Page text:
In 1975, on 15 July, I was fortunate to be at the Johnson Mission Control Centre in Houston,Texas– from where all American space missions are controlled and monitored – when the joint Apollo/Soyuz mission took place. It was the last Apollo mission until the shuttle programme started in 1981.

On 30 November 2000, I visited the Kennedy Space Centre at Cape Canaveral in Florida from where Apollo 11 and all other American space missions are launched. There, I witnessed the awesome launching of space shuttle, Endeavour, from Launch Pad 39B.

Since the tests flights of Enterprise aboard a jumbo jet in 1977, from the launch of Columbia in 1982 to the final flight of Atlantis, there have been 355 astronauts on 135 space shuttle missions.

Challenger and Columbia were lost (the former on blast-off and the latter on re-entry), while the other three shuttles that went into space – Discovery, Endeavour and Atlantis – will be preserved in museums.

Last Friday afternoon, friend Eddie Terblanche and I watched the last launch of a shuttle, Atlantis, on CNN whilst enjoying a cold one at the new Zest Urban Cafe in Walmer.

And, as I write, Atlantis is on its way back to earth for the very last time and scheduled to land at Cape Canaveral tomorrow morning at 05h57 (EST) – 11h57 (SAST).

I have been an avid space follower since my early days at Primary school and I shall be glued to the television set yet again tomorrow morning. Now, watching on TV makes it almost like being there.

However, then, in 1969, whilst the rest of the world watched that moon-trip of Apollo 11 intently on TV, we had to be content to listen to the broadcast on radio – on what was known as the “A” (English) programme. We did not have TV in South Africa yet.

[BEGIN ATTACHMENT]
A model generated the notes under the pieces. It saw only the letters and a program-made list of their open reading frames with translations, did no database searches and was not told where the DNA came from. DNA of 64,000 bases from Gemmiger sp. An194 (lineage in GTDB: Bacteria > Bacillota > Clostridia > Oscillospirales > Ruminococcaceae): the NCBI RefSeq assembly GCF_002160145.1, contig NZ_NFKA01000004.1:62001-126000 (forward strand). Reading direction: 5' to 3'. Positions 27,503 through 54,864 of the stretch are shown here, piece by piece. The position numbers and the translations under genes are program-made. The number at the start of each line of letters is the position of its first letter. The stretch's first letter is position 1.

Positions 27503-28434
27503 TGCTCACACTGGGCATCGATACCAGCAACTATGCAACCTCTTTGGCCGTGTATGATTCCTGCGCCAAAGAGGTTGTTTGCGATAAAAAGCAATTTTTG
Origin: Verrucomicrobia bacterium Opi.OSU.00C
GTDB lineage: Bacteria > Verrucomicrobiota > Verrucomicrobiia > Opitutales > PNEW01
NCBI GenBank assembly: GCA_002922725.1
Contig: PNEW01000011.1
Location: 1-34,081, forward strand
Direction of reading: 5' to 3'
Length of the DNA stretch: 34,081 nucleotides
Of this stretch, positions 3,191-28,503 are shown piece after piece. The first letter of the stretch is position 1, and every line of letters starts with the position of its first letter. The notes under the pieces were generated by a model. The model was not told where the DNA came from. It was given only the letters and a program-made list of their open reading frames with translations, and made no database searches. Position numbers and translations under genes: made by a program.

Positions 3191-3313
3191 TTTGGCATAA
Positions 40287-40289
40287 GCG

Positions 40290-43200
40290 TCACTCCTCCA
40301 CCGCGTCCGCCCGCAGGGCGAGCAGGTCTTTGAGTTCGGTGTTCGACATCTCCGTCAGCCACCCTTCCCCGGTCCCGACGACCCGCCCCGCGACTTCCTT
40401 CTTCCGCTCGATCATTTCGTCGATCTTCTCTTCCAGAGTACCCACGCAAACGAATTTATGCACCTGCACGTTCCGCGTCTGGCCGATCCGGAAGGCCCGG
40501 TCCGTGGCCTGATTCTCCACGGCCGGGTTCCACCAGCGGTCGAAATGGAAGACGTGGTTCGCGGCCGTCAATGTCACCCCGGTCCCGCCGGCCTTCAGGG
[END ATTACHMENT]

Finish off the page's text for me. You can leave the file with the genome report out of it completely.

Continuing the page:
That only came seven years later, in 1976, when after returning from the United States, I lived in Helshoogte Residence as a first year student at Stellenbosch University.

I originally shared Room A208 with Glynn Jones from Tulbagh. He was a medical student, later became Dr Jones, married Carol (it was to be the first of many weddings at which I officiated as the MC) and then immigrated to Canada. (I had a phone call from him a while ago from somewhere near the North Pole where he was doing medical visits to an Eskimo settlement!)

Before he emigrated, we socialised and travelled quite a bit (together with Dr Shelley Cohen and others whose names now evade me). We often visited their holiday home on the Breede River at Silver Strand near Robertson, and also did a trip to Windhoek, Etosha Pan and the Fish River Canyon in South West Africa (now Namibia).

In 1977, our second year at Stellenbosch, Glynn and my other medical student friends moved to Hippokrates and Huis Fransie Van Zyl in Tygerberg at the University’s medical school (where I would be diagnosed with CBD thirty years later in 2007).

I remained on the second floor in Helshoogte, but moved to B201 on Section 2B. A few years later, when I became a House Committee member, I moved to A701 on the seventh floor before I ended up in my final year in the Primarius’s “suite” A401/402 on section 4A.

On section 2B we wore t-shirts with a slogan “2B or not 2B” – a parody of Shakespeare‘s famous words!

This past weekend, 2B and Stellenbosch was on my mind as we headed off in pursuit of, what I call, the B’s of our South African Society – the pillars that support our way of life on the southernmost coast of the African continent: